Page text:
Am I an art collector?

One of my first assignments as an English major was to work with my classmates to define "literature." Everyone can agree that Shakespeare and Dickens and Faulkner qualify, of course, but once you get away from the canon, it starts to get fuzzier. Is Harry Potter literature? I vote yes, but not everyone agrees. Is 50 Shades of Gray literature? I vote no, but again, not everyone agrees.

I can't remember what we ultimately decided or even whether we agreed, but I feel like it was a worthwhile thought exercise and a good starting point for this blog.  At what point does someone qualify as an "art collector"?

Willem van Haecht - Collection of Cornelis de Geest with Paracelsus

Willem van Haecht - Collection of Cornelis de Geest with Paracelsus

Some times it's obvious. Willem van Haecht's Collection of Cornelis de Geest wirh Paracelsus clearly depicts a legit collection. This Cornelis de Geest fellow, a Belgium spice merchant who was was committed to patronizing local artists, definitely made the cut.

Art collection of Antoine de Galbert via  Vimeo

Art collection of Antoine de Galbert via Vimeo

So too does Frenchman Antoine de Galbert-Defforey, whose contemporary collection is featured in part above. He is an art collector for sure.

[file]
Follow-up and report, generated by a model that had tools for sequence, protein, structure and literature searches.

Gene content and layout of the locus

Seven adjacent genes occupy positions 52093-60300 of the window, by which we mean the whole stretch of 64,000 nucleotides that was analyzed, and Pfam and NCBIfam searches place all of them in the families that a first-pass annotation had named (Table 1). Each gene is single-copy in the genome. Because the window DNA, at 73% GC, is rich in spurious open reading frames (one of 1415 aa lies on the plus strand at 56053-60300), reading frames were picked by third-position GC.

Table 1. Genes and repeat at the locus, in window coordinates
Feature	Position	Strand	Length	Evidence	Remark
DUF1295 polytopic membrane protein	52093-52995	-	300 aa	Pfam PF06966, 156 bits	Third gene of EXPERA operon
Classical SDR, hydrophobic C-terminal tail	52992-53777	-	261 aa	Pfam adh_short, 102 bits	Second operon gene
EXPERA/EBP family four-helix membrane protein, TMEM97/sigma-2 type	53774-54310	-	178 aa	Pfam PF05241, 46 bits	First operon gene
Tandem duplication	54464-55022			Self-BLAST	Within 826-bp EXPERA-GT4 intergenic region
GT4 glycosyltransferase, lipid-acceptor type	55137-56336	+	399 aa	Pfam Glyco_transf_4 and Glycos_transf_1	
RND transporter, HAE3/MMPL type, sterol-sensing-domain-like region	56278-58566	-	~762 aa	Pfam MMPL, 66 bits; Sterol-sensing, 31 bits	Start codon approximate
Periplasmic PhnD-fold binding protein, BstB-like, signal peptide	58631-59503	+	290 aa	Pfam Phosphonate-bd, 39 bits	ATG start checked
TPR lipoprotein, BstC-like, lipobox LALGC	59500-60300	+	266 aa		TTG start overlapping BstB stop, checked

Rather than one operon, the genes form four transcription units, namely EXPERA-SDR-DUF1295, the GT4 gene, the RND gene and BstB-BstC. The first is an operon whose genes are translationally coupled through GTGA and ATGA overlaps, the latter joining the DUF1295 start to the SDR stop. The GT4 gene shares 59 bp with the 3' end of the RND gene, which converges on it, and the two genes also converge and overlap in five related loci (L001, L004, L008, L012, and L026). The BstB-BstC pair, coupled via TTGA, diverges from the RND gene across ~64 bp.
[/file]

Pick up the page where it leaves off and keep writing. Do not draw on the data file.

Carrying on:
If you have works by artists that are featured in art history textbooks or in museums, you undeniably qualify, right? If you have a collection of pieces assessed to be worth tens of thousands of dollars each (or more), you're a shoe-in to the art collectors club, too, amirite?  But surely the bar isn't that high for everyone?

For the purposes of this blog, my personal definition is as follows:

Art collector: One who owns original works of art, limited-edition art prints, and/or fine-art photography and continues to add to his or her collection.

That's it. If you own art and you continue to seek out more art, then you're an art collector. Do the pieces have to be from famous artists? God, no. Do you even need to know who the artist is? Nope, though I imagine lots of collectors like to know the story behind a piece and its creator. What if some of the pieces in your collection are original but some are mass-produced prints? You still make the cut, as far as I'm concerned, especially if you're committed to the second part of my definition--continually looking to grow and improve your collection. 

Collectors, what do you think? Do you agree with my definition? Am I missing something? I welcome debate!